Campus View
News for friends of MTSO
January 2018

A new partnership

MTSO welcomes Healthy Congregations offices to campus

MTSO and Healthy Congregations Inc. entered into a mutually beneficial partnership in late 2017. The organization’s offices and much of its programming now reside on the MTSO campus.

Healthy Congregations is an interfaith organization that equips leaders for challenges of thinking more clearly about families, relationships and faith communities. Its resources and training are based on seeing all communities as living systems that incorporate thinking, feeling, responsibility and purpose.

The Healthy Congregations team develops training, education and consultation in emotional process as it relates to community and congregational systems. It provides:

  • Training for those interested in leading workshops.
  • Advanced training for those who serve as teachers of emotional process thinking and its resources.
  • Leadership development.
  • Opportunities for case studies, coaching, consultation, conversation.
  • Network for those interested and committed to making the connections between emotional process and clarity of purpose in an organization.

The relationship between Healthy Congregations and MTSO affords the school’s students, faculty and staff the opportunity to participate in Healthy Congregations events at reduced cost.

“The important work of Healthy Congregations as an ecumenical resource for leaders of faith communities aligns closely with ours,” said MTSO President Jay Rundell. “We’re excited to be hosting this group and welcoming participants in their seminars and workshops to our campus.”

Learn more about Healthy Congregations’ upcoming events here

Human trafficking

Zimmerman contributes chapter to Routledge Handbook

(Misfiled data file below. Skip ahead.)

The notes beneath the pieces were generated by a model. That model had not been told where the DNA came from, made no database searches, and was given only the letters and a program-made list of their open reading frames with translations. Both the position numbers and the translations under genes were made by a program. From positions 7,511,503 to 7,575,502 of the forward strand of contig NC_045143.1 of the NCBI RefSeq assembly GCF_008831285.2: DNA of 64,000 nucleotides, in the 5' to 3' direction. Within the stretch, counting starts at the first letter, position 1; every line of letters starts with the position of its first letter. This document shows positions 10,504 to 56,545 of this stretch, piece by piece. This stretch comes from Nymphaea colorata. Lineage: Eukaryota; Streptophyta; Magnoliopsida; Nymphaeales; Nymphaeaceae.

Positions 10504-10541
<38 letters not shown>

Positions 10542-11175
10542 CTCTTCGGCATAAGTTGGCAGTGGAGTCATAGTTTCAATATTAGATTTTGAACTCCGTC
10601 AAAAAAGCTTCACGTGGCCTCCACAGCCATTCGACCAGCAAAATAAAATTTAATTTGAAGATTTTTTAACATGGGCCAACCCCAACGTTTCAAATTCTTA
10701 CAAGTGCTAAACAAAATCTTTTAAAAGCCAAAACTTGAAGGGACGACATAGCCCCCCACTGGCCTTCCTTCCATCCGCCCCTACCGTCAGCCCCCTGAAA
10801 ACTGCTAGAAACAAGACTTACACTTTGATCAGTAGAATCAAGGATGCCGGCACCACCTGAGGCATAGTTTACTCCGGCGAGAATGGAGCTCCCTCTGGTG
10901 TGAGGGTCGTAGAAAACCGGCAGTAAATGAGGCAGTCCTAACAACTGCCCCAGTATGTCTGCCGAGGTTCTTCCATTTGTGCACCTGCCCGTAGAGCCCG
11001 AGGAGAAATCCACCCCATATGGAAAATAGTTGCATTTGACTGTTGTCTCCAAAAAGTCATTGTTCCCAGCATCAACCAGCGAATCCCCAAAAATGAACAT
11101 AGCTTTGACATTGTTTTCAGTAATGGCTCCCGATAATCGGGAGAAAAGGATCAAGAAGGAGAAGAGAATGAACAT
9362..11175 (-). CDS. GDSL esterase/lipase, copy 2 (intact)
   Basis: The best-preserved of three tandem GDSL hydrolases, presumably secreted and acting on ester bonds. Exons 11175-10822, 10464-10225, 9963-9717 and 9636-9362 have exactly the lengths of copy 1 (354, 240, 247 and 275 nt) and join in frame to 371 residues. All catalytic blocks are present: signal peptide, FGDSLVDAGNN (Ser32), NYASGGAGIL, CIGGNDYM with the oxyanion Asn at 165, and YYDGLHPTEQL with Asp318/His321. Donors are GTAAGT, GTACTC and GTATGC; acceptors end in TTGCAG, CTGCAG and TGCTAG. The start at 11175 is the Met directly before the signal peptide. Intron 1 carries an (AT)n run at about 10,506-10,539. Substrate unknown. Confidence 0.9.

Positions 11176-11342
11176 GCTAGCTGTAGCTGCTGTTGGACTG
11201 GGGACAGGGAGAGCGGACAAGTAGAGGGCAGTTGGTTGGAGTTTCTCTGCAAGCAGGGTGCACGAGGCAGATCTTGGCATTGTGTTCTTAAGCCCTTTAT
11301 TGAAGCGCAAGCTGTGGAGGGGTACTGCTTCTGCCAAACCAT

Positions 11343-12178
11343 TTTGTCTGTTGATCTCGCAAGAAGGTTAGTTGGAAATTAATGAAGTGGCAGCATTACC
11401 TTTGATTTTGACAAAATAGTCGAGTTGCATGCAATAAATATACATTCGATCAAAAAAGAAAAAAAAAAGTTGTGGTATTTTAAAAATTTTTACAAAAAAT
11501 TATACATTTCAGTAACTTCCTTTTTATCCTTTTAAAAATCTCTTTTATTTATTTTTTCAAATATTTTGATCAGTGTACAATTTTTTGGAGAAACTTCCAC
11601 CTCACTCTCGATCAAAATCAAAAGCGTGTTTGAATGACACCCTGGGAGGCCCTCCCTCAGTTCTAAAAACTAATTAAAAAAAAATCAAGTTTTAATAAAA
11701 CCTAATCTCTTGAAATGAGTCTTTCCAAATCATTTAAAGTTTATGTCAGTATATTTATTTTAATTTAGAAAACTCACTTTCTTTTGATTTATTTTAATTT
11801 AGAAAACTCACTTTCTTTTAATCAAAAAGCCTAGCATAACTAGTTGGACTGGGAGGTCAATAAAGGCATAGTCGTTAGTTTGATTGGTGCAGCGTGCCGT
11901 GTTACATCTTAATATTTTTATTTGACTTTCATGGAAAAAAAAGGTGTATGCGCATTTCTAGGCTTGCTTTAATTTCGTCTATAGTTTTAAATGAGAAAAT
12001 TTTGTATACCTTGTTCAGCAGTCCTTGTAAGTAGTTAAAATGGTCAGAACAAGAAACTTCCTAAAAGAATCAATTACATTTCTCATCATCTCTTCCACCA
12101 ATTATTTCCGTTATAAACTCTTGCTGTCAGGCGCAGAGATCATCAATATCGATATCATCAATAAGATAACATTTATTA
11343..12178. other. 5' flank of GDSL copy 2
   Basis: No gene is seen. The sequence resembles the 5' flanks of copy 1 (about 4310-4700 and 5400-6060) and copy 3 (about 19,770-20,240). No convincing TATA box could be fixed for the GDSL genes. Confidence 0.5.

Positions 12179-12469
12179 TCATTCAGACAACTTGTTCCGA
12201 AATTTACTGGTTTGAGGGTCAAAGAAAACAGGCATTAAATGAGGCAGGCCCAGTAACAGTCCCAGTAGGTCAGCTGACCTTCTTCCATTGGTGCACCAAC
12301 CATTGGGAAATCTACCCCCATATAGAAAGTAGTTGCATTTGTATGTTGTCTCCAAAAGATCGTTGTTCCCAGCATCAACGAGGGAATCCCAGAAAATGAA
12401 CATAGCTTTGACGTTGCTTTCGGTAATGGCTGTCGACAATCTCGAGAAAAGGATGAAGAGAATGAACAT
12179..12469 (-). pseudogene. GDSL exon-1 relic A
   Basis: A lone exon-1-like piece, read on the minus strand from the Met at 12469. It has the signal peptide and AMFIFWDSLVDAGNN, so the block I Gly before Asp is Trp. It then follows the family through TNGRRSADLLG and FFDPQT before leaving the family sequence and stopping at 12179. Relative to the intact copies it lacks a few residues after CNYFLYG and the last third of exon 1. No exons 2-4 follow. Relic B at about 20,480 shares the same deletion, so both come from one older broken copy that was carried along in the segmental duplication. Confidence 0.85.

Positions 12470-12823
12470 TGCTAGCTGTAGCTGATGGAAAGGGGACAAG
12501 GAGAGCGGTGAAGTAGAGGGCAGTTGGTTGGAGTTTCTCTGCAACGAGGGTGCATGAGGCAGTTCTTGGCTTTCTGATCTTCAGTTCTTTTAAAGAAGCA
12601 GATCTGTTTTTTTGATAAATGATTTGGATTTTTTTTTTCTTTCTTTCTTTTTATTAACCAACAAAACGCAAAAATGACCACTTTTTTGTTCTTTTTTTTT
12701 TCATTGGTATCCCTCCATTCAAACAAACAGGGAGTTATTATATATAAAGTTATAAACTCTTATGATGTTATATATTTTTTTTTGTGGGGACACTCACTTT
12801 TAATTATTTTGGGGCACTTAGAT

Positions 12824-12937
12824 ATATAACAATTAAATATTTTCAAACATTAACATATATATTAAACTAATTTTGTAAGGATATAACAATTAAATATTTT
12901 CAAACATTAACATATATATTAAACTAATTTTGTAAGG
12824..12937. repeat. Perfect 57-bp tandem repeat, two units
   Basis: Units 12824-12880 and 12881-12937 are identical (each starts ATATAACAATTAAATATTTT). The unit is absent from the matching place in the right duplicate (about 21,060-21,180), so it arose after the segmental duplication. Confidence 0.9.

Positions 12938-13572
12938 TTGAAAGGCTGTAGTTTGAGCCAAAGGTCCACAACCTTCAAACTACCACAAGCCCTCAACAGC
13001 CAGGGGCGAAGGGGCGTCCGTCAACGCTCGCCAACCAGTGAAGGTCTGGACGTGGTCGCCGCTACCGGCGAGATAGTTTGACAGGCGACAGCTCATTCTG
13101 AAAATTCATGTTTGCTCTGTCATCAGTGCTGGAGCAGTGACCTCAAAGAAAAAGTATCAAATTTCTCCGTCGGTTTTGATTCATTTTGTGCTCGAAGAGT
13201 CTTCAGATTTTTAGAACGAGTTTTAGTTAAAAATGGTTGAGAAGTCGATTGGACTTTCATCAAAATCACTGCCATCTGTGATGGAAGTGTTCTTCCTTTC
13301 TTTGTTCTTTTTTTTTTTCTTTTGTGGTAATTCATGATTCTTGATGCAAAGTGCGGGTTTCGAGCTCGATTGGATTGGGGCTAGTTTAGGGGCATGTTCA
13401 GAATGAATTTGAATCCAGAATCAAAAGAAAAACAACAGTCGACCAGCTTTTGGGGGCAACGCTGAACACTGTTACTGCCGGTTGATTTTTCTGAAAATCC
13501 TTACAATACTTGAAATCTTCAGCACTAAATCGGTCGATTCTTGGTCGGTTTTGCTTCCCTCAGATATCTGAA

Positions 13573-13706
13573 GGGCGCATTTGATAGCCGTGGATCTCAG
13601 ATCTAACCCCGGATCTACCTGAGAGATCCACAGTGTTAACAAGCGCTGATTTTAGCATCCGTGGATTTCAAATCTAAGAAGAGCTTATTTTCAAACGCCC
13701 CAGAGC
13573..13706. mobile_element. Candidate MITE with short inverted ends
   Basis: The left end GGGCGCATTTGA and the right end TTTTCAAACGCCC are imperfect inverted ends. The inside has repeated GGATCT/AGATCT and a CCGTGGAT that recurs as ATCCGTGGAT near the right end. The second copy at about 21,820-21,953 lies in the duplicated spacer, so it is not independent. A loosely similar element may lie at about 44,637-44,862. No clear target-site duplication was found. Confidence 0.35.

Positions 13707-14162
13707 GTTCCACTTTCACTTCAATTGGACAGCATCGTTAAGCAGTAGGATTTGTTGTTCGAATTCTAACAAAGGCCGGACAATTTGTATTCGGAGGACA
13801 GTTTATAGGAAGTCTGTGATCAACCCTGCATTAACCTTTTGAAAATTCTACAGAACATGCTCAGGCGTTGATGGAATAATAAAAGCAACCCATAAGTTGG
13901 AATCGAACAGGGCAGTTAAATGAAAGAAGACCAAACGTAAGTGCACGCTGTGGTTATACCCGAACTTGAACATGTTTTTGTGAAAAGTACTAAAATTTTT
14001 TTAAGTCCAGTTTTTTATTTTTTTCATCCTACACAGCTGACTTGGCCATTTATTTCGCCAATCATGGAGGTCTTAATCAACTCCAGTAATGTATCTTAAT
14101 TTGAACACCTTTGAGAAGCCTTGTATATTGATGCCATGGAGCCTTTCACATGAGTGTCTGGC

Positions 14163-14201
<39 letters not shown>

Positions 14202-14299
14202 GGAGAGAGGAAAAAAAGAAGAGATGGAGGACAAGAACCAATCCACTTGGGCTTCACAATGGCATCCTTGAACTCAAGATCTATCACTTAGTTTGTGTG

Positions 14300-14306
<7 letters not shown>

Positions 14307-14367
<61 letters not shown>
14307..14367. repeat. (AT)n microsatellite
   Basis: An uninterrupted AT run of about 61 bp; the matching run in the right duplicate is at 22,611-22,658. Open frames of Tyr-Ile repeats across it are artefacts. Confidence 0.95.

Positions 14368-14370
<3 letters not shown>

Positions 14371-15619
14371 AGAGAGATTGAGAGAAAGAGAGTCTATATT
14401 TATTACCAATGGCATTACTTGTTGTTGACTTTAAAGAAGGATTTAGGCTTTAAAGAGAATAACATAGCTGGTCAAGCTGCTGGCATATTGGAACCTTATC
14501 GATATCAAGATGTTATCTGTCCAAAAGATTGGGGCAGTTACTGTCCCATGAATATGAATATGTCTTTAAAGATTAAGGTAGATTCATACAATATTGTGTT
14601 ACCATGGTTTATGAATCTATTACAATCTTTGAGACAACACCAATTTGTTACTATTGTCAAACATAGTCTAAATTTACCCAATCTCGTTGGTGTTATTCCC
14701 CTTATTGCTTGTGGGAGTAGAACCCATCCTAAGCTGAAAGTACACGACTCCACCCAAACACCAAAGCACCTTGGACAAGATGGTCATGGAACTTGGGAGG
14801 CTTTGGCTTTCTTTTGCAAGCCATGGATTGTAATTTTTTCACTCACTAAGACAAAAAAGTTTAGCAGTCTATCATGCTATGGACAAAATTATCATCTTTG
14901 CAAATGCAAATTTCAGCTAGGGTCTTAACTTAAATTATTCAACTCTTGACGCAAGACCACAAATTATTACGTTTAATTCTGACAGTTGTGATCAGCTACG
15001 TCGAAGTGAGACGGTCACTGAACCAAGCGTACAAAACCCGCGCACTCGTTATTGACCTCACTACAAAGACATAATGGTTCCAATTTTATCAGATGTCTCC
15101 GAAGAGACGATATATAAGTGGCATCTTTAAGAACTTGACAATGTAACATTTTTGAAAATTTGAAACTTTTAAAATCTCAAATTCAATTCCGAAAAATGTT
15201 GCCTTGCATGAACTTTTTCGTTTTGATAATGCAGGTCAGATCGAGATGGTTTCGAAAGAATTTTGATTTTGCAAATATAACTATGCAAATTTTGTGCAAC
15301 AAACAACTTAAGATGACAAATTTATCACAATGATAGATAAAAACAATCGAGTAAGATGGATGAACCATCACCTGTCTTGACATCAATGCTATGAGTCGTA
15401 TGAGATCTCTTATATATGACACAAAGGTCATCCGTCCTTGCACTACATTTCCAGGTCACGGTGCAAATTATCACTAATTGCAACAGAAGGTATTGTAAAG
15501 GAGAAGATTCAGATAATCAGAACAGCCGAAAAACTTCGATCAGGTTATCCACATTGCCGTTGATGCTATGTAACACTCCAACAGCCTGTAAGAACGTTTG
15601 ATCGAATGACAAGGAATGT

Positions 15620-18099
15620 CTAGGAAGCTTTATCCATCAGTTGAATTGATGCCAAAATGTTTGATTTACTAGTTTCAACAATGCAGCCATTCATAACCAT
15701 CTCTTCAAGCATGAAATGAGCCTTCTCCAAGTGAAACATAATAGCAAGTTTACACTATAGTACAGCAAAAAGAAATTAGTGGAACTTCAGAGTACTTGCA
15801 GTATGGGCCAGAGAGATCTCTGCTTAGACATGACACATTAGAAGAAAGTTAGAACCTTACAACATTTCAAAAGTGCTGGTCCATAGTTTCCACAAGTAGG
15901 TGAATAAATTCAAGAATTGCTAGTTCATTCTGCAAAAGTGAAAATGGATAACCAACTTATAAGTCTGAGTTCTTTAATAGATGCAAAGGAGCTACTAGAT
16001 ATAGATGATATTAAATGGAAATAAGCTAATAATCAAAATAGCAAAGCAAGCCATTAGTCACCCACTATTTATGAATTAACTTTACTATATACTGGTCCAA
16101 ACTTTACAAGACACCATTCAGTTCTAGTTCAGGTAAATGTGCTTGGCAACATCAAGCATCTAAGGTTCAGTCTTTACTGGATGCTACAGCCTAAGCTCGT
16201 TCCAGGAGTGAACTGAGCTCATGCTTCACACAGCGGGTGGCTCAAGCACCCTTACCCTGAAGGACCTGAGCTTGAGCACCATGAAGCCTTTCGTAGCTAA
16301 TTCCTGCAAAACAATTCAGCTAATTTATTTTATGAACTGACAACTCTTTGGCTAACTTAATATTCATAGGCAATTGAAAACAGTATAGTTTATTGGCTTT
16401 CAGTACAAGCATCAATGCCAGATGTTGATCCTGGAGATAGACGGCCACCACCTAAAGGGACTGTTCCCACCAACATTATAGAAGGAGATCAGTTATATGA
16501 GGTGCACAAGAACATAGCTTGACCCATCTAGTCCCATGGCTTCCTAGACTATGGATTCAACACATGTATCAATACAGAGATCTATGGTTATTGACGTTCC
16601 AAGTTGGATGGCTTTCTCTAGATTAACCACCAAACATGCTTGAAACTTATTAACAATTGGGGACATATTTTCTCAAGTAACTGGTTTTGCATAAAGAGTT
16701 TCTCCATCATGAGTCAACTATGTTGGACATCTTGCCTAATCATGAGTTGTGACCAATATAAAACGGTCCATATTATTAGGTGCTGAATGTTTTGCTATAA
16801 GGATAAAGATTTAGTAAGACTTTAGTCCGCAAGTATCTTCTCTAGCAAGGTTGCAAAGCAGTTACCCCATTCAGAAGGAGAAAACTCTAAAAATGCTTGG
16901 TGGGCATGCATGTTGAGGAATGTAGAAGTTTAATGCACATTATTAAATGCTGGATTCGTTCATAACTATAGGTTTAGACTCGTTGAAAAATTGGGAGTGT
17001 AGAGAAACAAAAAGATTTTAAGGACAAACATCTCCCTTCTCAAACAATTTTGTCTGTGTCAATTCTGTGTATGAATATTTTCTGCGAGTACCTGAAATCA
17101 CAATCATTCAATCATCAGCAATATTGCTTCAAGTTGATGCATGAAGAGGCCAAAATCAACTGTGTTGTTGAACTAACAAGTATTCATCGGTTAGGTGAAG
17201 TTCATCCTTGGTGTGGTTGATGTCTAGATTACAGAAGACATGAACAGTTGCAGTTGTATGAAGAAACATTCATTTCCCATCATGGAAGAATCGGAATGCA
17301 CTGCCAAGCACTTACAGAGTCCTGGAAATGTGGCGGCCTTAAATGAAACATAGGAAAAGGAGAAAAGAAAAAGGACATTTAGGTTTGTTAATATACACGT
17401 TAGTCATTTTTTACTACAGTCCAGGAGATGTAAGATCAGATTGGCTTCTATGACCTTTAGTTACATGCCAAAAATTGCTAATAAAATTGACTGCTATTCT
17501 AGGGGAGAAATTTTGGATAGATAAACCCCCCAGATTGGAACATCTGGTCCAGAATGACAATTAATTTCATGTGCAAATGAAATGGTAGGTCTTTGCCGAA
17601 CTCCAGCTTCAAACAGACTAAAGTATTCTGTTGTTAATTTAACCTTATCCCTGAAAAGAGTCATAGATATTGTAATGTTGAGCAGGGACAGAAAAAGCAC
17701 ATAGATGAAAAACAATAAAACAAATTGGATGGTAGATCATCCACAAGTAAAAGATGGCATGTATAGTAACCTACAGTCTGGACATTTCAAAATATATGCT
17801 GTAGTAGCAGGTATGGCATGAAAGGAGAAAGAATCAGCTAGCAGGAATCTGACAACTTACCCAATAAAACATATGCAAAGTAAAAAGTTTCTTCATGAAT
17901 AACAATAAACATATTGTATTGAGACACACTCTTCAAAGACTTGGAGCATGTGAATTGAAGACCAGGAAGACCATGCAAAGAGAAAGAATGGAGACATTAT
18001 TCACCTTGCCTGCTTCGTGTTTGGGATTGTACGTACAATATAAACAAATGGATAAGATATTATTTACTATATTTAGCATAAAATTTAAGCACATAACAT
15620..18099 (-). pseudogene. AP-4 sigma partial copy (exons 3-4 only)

The recently released Routledge Handbook of Human Trafficking features a chapter on religious privilege by Yvonne Zimmerman, MTSO associate academic dean and associate professor of Christian ethics.

The chapter, “Disrupting Religious Privilege: Code of Conduct for Religious Institutions, Faith Communities and Faith-based Organizations for Their Work with Survivors of Forced Labour, Human Trafficking and Modern Slavery,” addresses an area of particular expertise for Zimmerman, author of the 2012 book Other Dreams of Freedom: Religion, Sex and Human Trafficking.


“While religion and religious motivations empower many anti-trafficking activists and advocates, the effect of others’ religious convictions on, and for, formerly trafficked persons is more ambivalent: sometimes empowering, sometimes alienating,” Zimmerman writes in the chapter. “This chapter addresses how to prevent the religious motivations and convictions that many anti-trafficking activists, advocates and service providers hold as so essential to their work with trafficked and formerly trafficked persons from becoming sources of alienation and disempowerment.”

The chapter includes a Code of Conduct for Religious Institutions, Faith Communities, and Faith-Based Organizations for Their Work with Survivors of Forced Labour, Human Trafficking and Modern Slavery. The code of conduct was written by Zimmerman and Claude d’Estrée, director of the Human Trafficking Center at the University of Denver.